Leonard Wrightman was 19 years old when he flew a bomber plane over the beaches of Normandy.
A few months before D-Day, Mr. Wrightman says, his participation was in jeopardy after his plane crash landed during an operational training exercise on an air base in England. Despite the crash, in which he says the front of his plane – a twin-engine Wellington bomber – caved in on his legs, he was cleared to continue with his military duties shortly afterward.
But when injuries he says were sustained in the crash landing resurfaced three years ago, Mr. Wrightman, now 90, says, the country for which he risked his life would not give him additional financial support without proof that they took place during his time in the service.
He does not have any proof.
“At the time, my commanding officer, an Australian fellow who was a wing commander, and a medic came out [after the crash] and found me and he [the medic] said, ‘Leonard, nothing’s broken. … You’ve crushed nerve centres in the leg. … You may live out a regular life or it may come back to haunt you later on,” Mr. Wrightman told The Globe and Mail, adding that the other members of his five-man crew have since died. “[Since then] the doctor died, the CO died….and now the veterans say they have no proof [of the accident]. That’s not my fault.”
According to Veterans Affairs Canada (VAC), veterans need a diagnosis indicating they have a medical condition and evidence to establish it is related to their military service to receive benefits under the pension act.
Retired colonel Pat Stogran, a former veteran’s affairs ombudsman and an outspoken critic of the government’s treatment of veterans, says it is all too common for paperwork to get lost in a war zone and he has encountered situations similar to Mr. Wrightman’s.
“I know from the military that COs and RSMs [regimental sergeant majors] will always go and say, ‘Suck it up,’ and, of course, the paperwork gets lost,” he said. “Especially when you’re fighting a war, you’re not really going to worry about [paperwork].”
Mr. Wrightman was an Ontario Provincial Police officer for two years after the war, then worked for various companies until he retired in 1970. Today, he lives in a brick house on a quiet road in Keswick, Ont., with his 85-year-old wife.
Sitting in his living room, he asks his wife to retrieve a large three-ring binder from their basement. He would usually do this, but is hesitant to leave his chair after some serious falls over the past few months, including one that broke his hip. He said the falls were in part caused by tinnitus, vertigo and the weakened legs that are a result of the crash.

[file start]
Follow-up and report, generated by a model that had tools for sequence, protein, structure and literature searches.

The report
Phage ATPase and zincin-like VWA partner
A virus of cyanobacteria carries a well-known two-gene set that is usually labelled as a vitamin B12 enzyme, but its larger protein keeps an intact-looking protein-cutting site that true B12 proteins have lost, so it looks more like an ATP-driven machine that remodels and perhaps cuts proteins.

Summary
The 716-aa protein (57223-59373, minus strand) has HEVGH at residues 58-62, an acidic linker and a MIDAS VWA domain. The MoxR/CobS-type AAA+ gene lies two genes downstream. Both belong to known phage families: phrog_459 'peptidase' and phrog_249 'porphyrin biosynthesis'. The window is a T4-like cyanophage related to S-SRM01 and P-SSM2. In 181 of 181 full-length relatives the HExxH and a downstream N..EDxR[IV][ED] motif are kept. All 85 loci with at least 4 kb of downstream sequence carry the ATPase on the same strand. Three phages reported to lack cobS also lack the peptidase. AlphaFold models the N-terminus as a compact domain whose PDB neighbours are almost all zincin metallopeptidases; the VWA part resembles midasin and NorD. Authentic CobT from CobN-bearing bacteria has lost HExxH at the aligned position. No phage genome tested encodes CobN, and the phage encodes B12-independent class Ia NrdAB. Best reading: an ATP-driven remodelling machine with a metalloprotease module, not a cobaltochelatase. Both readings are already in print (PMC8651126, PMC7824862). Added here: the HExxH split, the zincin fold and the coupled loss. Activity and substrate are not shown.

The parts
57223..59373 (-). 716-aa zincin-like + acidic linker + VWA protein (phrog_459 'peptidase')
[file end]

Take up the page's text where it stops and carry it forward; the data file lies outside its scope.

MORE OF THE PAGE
In the binder are dozens of letters he has received from VAC over the years that include everything from benefit updates to appeals of unfavourable decisions in his current claim, and even one that informed him his appeal advocate had retired and he had been assigned to another case worker.
“It’s really difficult,” he said of his dealings with VAC. “They’re waiting for us to die.”
Mr. Wrightman receives just under $1,700 a month from the government, which goes toward daily living expenses including rent, hydro and groceries. He also gets just under $4,000 a year for housekeeping and ground maintenance. His medical expenses are covered by the government.
That money, plus the couple’s pension and old-age security cheques, makes up their annual income. With his increased medical, wellness and living costs, Mr. Wrightman said, it is barely enough to get by.
“There’s a lot of other miscellaneous things that you have to buy on your own to maintain a standard and what happens is everything is going up and the affordability has gone down,” he said.
Dorian Baxter, an archbishop with the Federation of Independent Anglican Churches of North America, met Mr. Wrightman while the veteran was in the hospital seeking treatment for his legs two years ago, and has been advocating for him to get about $350 a month in extra funding. According to Mr. Baxter, the claim has been denied several times.
“He’s in a situation, where, if he’s going to have proper snow removal and housekeeping and upkeep, he can’t manage to pay his grocery bills along with that,” Mr. Baxter said.
The padre of the Royal Canadian Legion Branch in Newmarket, Ont., Mr. Baxter calls the amount Mr. Wrightman receives “a total insult” and says the process of applying for additional money is designed to discourage people from seeking help.
“The fact is that they [war veterans] went and risked their lives … we should be taking care of them right to the grave,” Mr. Baxter said.
Sandie Williamson, the director for long-term care and disability benefits for VAC says evidence for veterans to receive benefits under the pension act includes anything from a medical or accident report to witness statements and medical opinions.
Once the medical condition is established, if it worsens, the department can re-assess the situation and grant an increase. Veterans can appeal the department’s decision.
If veterans have no supporting evidence or documentation, the claim is denied because “there is evidence that is needed to substantiate that there is a disability” and prove that it is related to service, Ms. Williamson said.
She said the system is not adversarial and that if “the disability is related to service or is not related to service, the benefit of the doubt is provided to the favour of the veterans.”
A tribunal hearing is set for Aug. 15 for Mr. Wrightman’s additional funding request, although he is trying to get it changed to Aug. 18 so Mr. Baxter can attend.
But until then, he will live by an old Air Force expression he picked up during in the war: Press on regardless.
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